Report Urges Action To Boost Kids’ Health Care in California
California continues to struggle in its efforts to extend health care coverage to more children and reduce childhood obesity, according to a report released Thursday by Children Now, an Oakland-based advocacy group, the San Francisco Chronicle reports.
The group's annual State of the State's Children's report rated California's performance on a range of health and education issues, including:
- Health insurance rates;
- Infant and adolescent health care; and
- Childhood obesity.
Ted Lempert, president of Children Now, said the state's failure to provide coverage to more children marked the biggest disappointment of the year. The report gave the state a C for those efforts, down from a B- last year (Tucker, San Francisco Chronicle, 1/3).
At the same time, one of the state's highest marks in the report -- a B- -- was for providing health care services to infants and adolescents.
Meanwhile, rising childhood obesity rates garnered a D+ from the group -- one of the lowest marks in the report. One-third of California children are overweight or obese, and just 28% meet the state's physical fitness standards, according to the report (Steffens, Contra Costa Times, 1/3).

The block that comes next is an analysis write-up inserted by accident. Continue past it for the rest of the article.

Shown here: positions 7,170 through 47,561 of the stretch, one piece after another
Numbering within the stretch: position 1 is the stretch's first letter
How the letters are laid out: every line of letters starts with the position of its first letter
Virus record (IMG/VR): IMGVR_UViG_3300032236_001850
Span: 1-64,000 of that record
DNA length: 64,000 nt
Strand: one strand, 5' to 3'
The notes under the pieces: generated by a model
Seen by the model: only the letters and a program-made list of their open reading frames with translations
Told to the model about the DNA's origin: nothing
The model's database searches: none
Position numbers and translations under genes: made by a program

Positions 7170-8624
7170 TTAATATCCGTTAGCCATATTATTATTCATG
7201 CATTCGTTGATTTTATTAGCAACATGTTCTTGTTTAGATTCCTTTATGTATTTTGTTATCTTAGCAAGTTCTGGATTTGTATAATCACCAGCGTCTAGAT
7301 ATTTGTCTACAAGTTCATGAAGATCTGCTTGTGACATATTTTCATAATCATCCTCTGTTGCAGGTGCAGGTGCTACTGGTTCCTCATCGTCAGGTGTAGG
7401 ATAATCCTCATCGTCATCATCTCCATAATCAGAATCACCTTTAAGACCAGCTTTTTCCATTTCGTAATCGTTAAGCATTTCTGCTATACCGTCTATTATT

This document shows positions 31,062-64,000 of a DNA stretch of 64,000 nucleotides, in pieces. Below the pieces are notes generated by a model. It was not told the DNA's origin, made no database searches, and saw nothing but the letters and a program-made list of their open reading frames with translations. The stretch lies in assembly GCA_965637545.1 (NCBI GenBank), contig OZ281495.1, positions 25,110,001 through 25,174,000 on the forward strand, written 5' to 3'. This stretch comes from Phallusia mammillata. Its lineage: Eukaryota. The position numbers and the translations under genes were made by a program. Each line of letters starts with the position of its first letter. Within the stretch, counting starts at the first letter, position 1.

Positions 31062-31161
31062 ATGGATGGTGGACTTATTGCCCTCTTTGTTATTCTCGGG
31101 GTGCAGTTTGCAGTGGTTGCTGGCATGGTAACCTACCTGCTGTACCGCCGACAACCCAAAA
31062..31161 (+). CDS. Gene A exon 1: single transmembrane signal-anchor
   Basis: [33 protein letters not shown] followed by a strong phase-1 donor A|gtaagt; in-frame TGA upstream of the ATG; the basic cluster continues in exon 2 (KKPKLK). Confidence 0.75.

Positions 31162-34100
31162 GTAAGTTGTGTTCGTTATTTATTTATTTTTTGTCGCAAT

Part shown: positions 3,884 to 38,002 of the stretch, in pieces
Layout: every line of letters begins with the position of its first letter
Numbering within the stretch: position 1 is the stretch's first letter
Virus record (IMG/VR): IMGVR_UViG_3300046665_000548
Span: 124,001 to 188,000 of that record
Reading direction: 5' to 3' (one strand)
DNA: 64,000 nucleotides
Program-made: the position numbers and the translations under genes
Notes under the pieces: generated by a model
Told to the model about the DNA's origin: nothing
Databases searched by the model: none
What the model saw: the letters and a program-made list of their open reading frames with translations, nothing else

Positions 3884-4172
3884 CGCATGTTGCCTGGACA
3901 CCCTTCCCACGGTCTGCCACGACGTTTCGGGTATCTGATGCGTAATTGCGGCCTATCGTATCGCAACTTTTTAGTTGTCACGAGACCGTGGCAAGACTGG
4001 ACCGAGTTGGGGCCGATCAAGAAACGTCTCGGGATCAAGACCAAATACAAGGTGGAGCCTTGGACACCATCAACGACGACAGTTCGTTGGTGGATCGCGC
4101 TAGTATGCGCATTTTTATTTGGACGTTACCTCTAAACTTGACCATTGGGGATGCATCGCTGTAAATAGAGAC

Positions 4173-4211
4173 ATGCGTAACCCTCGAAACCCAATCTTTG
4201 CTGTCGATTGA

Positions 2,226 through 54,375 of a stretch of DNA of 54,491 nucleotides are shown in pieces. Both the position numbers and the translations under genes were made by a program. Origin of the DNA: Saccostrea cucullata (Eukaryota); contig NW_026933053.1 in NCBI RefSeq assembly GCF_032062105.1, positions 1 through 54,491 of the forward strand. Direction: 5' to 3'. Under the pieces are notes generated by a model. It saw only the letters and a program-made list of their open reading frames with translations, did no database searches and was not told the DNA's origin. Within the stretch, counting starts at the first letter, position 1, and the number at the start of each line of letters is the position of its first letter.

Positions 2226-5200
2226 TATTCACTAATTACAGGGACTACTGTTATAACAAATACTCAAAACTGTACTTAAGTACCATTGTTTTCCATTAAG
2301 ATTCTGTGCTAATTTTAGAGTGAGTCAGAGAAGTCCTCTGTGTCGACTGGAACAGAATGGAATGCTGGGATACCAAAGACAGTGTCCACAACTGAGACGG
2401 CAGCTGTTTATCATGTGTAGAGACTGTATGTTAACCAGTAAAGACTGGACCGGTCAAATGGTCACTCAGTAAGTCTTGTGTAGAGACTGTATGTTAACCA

The report called for a coordinated effort to streamline the "fragmented and uncoordinated" efforts by lawmakers to help reduce childhood obesity.
A new state mandate for all kindergartners to receive dental exams was noted as an improvement by the report (San Francisco Chronicle, 1/3).
Children Now releases its report before the governor's state of the state address each January to try to influence policymaking and appropriations for the next fiscal year, Lempert said (Contra Costa Times, 1/3).
However, efforts to improve children's health this year will be difficult given the state's $14 billion budget deficit over the next 18 months and expected spending cuts from all state services, including health care, according to the Chronicle (San Francisco Chronicle, 1/3).